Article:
My own first-and-only youthful fanzine, Star Date, in 1969, was inspired by my seeing Devra Langsam's Spockanalia, and was a collaboration between myself and my best girlfriend, who also went on to become a professional writer. We laboriously typed the wax stencils, page by page, and corrected them with smelly corflu. Much of the art (electro-stenciled at The Editors' expense) was by a friend who went on to become a professional artist with dozens of books to his credit. It was run off with the help of fellow Columbus SF fan John Ayotte, on his mimeo machine in his parent's basement -- John himself was pubbing a general interest fanzine at the time named Kallikanzaros. (Among other wonders I remember from his 'zine was the first chapter of Nine Princes in Amber -- I believe then still in progress -- which Roger Zelazny, with whom John corresponded, allowed him to print, some time before it saw professional publication.) Our own effort, all 200 copies, retailed at fifty cents each, carefully calculated to win back paper and printing costs. Which I believe we did almost do. One of these still surfaces now and again at my book signings; I would say, “Lordy, how often do these people clean their basements?” except that I think I know. (Lois McMaster Bujold in 2005)
StarDate was published in June 1968 and has 49 pages. It has a cover by Jane A. Bowers. Other art by Lois McMaster, Ron Miller, Connie Reich, and Lillian Stewart.
- Incommunicado by Connie Reich (an alien encounter and its threat to the Enterprise, this is Connie Faddis' earliest zine trib) (6)
- The Sagebrush Syndrome by Lillian Stewart (a "A Piece of the Action" -- a wild west variation) (10)
- Venus to Adonis II, poem by Nancy Berman (21)
- Mind Warp by Lois McMaster (portrays a female Vulcan who takes on a bad guy in a mental showdown) (22)
- Once Acid Remark Too Many by Linda Eyster (RPF, Gene Roddenberry) (36)
- Counterpoint, a ni var poem by Jay Griffin ("Though the ni var is a "purely Vulcan form,"  some interested officers of the Enterprise are familiar with it through their contact with Spock. A Vulcan would no doubt recoil in horror on seeing a ni var used to express emotion (although recoiling in horror is, of course, itself emotion); but the anonymous officer who wrote this particular ni var seems to have found the form suited to his purpose.") (39)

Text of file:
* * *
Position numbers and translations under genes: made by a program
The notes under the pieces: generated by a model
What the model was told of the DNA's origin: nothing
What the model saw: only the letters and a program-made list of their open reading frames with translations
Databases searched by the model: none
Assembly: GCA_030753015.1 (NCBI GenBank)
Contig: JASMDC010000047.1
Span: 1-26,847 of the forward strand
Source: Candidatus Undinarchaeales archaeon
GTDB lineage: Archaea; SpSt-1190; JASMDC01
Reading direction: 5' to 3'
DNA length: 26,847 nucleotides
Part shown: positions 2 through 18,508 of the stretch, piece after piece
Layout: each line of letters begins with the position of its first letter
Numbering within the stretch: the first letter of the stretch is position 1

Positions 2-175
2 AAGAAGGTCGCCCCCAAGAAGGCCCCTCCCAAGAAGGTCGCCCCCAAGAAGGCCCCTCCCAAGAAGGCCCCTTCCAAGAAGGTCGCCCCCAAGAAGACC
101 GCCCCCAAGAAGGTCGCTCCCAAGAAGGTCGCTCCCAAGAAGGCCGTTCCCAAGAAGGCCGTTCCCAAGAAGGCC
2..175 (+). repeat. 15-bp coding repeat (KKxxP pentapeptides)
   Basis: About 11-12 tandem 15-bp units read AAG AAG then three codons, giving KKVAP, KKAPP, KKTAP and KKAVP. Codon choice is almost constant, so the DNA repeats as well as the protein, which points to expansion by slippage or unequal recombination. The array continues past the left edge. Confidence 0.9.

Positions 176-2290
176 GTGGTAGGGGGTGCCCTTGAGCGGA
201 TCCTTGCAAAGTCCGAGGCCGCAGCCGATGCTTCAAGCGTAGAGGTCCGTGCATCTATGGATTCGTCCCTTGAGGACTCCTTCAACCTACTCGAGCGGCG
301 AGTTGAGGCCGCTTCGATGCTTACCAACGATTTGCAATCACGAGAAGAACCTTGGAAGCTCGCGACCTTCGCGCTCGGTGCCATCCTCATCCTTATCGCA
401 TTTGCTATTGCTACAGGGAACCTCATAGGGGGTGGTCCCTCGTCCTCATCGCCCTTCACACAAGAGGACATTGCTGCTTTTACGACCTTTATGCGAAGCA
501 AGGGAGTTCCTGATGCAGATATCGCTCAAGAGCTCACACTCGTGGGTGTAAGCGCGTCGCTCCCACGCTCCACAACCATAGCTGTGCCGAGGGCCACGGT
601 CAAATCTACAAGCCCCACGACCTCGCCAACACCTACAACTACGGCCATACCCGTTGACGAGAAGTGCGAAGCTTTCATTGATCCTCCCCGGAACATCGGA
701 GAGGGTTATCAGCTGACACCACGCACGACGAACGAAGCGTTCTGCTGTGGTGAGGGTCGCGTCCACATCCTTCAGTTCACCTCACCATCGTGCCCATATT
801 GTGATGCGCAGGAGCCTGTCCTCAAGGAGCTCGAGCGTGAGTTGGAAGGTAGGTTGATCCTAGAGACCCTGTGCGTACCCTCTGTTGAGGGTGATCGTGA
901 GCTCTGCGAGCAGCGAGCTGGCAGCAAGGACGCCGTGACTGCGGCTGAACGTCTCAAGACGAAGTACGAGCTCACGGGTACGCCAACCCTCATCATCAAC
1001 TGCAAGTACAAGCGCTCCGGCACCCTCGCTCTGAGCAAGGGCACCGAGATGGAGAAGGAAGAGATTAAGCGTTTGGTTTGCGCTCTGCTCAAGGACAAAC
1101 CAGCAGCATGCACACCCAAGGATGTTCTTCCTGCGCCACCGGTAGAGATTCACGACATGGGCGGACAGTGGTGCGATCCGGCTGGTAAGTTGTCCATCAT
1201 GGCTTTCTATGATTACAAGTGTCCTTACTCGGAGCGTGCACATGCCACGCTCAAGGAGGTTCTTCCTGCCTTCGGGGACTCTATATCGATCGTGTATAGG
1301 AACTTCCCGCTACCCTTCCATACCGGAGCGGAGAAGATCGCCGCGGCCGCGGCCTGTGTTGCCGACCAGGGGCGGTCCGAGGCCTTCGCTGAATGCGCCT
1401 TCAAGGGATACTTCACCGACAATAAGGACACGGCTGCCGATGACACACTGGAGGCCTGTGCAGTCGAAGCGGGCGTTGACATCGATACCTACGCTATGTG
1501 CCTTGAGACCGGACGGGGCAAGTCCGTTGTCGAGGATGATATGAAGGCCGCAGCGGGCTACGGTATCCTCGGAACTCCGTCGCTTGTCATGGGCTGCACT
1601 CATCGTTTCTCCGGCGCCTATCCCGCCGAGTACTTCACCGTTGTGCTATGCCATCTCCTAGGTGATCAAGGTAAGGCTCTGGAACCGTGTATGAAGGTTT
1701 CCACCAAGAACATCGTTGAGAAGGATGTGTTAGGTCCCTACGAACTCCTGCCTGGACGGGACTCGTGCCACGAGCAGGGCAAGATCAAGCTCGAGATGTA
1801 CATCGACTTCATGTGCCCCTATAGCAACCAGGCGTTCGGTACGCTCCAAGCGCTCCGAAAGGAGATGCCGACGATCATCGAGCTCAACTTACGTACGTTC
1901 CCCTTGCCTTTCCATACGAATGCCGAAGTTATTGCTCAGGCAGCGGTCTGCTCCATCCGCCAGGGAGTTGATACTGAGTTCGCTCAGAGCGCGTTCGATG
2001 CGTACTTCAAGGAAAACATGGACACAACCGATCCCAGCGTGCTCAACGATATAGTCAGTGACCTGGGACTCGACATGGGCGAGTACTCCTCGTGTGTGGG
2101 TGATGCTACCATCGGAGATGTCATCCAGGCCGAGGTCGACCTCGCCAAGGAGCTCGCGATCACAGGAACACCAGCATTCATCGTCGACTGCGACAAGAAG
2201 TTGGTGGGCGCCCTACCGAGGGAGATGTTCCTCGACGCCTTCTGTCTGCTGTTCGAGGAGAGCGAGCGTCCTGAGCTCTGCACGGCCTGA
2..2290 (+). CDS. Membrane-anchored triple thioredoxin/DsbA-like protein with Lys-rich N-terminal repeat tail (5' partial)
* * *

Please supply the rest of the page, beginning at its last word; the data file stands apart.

- To a Vulcan, poem by Willa Bard (41)
- Variations in Green by Lillian Stewart (42)
- Editorial (48)
- You Are Receiving This Zine Because (49)
Reactions and Reviews
It not only analyzes ST; it writes more plots for the thing. Disgusting propagatory practice. Again, the art, and the layout and. the general appearance, are better than in most fanzines. But, again, the contents are likely to appeal only to the dedicated ST fans. Well-written, exhibiting a great deal of talent — but all stamped by the inky smudge of STdom.
Best piece is Lillian Stewart's "The Sagebrush Syndrome"; it would probably make a good ST script. (There is an episode next season called "The Last Gunfight" - Ed.) ((is that the one with: Wyatt Earp? Ye gads.!))Cute cartoons by Jane Bowers are scattered throughout, and they certainly don't detract from the fanzine. Actually, its pretty easy to laugh at ST.  
STAR DATE: (Now here's a ST literary zine. The artwork here is quite way out and spacey. #1, 50 pages, contains some really outstanding science fiction and poetry. "The Sage Brush Syndrome" takes Kirk, Spock et al to a planet where civilization is modelled after Earth's wild west. But instead of Colt 45s, the cowboys pack Mark III phasers. In "Mind Warp" we are introduced to two new vulcans aboard the Enterprise; T'Jor, a Vulcan psychologist, uses the Vulcan mind probe to treat her patients, and Sivek, victim of an alien who drains thoughts from its victims brains. In 'Variations In Green", we meet, for the first time, a family of Orionians. All in all, this is quite an absorbing zine. 
- The Bujold Nexus: “Here's Looking At You, Kid...” (accessed 28 June 2016)
- "purely Vulcan form" is a quote from the brief footnote that Dorothy Jones wrote for The Territory of Rigel, the first published ni var, as printed in Spockanalia #1 in 1968.
- If you have to subscribe to a ST fanzine, this is the one is commentary relating to "traditional," male science fiction fandom's belief that Star Trek was mindless fluff, as well as the realization that an increasing amount of Star Trek zines were created by females.
- from a review in Kevas and Trillium #1.5, see that issue for two other much more negative reviews of Trek zines.
- from Anti-Matter #2